The place is important in demonstrating aesthetic characteristics and/or a high degree of creative or technical achievement in New South Wales and/or Victoria.

The Tooleybuc Bridge has aesthetic significance due to its setting and size. Within the town it has landmark qualities. The bridge provides a gateway from Victoria to New South Wales and the town of Tooleybuc, and reciprocal contact between New South Wales and Victoria. The bridge dominates the river valley which provides the focus of recreational activity in the township. The setting is not rare on the Murray River, being similar to Swan Hill. The Tooleybuc Bridge is of technical (scientific) significance for its sophisticated design and construction. The Tooleybuc Bridge was the last of a series of bridges over the Murray River that incorporated central lift spans with innovative truss spans.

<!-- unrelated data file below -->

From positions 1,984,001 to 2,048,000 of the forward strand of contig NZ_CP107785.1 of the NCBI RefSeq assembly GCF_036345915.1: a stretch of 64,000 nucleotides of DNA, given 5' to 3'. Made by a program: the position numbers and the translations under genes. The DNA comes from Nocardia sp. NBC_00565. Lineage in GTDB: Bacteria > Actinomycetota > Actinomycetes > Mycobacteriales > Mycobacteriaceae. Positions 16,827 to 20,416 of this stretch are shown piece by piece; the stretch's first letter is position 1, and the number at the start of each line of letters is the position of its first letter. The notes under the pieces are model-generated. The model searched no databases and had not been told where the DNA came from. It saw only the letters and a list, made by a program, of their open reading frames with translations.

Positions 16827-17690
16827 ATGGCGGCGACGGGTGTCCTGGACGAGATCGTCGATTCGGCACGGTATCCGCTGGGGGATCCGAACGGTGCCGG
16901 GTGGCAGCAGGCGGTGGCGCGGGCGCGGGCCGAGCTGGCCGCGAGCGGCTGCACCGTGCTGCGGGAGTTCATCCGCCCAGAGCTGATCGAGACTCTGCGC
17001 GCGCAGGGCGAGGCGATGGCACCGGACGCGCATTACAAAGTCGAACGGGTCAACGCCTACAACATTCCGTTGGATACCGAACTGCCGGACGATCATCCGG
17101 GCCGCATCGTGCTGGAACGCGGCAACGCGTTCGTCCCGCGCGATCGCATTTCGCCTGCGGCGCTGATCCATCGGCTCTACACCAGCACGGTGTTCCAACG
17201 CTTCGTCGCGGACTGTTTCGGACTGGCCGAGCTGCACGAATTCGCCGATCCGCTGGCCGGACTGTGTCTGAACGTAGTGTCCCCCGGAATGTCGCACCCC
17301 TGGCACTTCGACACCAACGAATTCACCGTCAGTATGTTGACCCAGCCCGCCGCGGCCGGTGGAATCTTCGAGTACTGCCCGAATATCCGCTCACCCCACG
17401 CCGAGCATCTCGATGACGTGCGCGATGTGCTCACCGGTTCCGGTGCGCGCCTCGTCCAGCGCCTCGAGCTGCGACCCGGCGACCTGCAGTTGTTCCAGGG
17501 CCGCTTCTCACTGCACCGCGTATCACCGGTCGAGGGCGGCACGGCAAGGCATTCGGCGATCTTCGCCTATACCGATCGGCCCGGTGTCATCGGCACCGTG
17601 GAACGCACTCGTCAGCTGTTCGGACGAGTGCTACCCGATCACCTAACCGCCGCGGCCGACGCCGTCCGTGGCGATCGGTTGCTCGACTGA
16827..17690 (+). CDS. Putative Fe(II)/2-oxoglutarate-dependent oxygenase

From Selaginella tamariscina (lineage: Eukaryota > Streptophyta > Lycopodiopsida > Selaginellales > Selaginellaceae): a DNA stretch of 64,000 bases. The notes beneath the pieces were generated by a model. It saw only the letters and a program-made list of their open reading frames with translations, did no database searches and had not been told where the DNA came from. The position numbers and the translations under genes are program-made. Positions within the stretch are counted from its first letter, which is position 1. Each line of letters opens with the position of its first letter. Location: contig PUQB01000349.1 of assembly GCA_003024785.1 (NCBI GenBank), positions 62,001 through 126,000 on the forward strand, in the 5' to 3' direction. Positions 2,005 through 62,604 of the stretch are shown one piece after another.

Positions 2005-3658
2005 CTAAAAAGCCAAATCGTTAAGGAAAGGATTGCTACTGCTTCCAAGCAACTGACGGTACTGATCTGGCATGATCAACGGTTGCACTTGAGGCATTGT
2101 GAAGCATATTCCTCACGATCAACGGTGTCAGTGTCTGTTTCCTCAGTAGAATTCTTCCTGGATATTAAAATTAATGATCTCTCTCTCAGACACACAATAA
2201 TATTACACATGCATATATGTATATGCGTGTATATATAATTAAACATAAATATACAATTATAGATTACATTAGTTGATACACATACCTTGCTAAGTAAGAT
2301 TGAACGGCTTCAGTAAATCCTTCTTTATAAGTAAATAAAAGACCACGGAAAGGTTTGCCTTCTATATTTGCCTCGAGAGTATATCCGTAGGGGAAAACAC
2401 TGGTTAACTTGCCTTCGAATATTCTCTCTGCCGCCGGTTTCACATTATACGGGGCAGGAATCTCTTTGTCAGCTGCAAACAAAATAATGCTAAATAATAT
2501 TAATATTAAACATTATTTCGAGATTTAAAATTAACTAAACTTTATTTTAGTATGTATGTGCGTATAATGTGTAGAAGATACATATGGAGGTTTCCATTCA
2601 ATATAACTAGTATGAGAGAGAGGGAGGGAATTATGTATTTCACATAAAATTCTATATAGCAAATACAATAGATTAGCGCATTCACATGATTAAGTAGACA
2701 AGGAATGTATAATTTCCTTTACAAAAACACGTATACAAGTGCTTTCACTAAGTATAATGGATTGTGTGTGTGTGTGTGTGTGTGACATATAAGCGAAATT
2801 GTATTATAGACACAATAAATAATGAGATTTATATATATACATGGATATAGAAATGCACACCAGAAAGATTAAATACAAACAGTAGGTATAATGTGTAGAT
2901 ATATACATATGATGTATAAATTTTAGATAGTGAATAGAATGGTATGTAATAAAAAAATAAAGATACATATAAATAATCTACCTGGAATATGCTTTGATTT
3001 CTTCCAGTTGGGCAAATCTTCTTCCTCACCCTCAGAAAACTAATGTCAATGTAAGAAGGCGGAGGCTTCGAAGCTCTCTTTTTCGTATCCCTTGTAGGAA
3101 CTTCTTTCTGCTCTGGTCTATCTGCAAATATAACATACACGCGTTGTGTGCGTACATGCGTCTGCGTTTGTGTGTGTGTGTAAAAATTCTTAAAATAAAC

The place has a strong or special association with a particular community or cultural group in New South Wales and/or Victoria for social, cultural or spiritual reasons.

The Tooleybuc Bridge has significance to the adjacent towns as the main crossing of a major barrier to communication (the Murray River). The bridge is a focal point to transport, and also provides the only gateway between the states of Victoria and New South Wales. The Tooleybuc Bridge is of historical significance for its role in facilitating interstate trade between New South Wales and Victoria.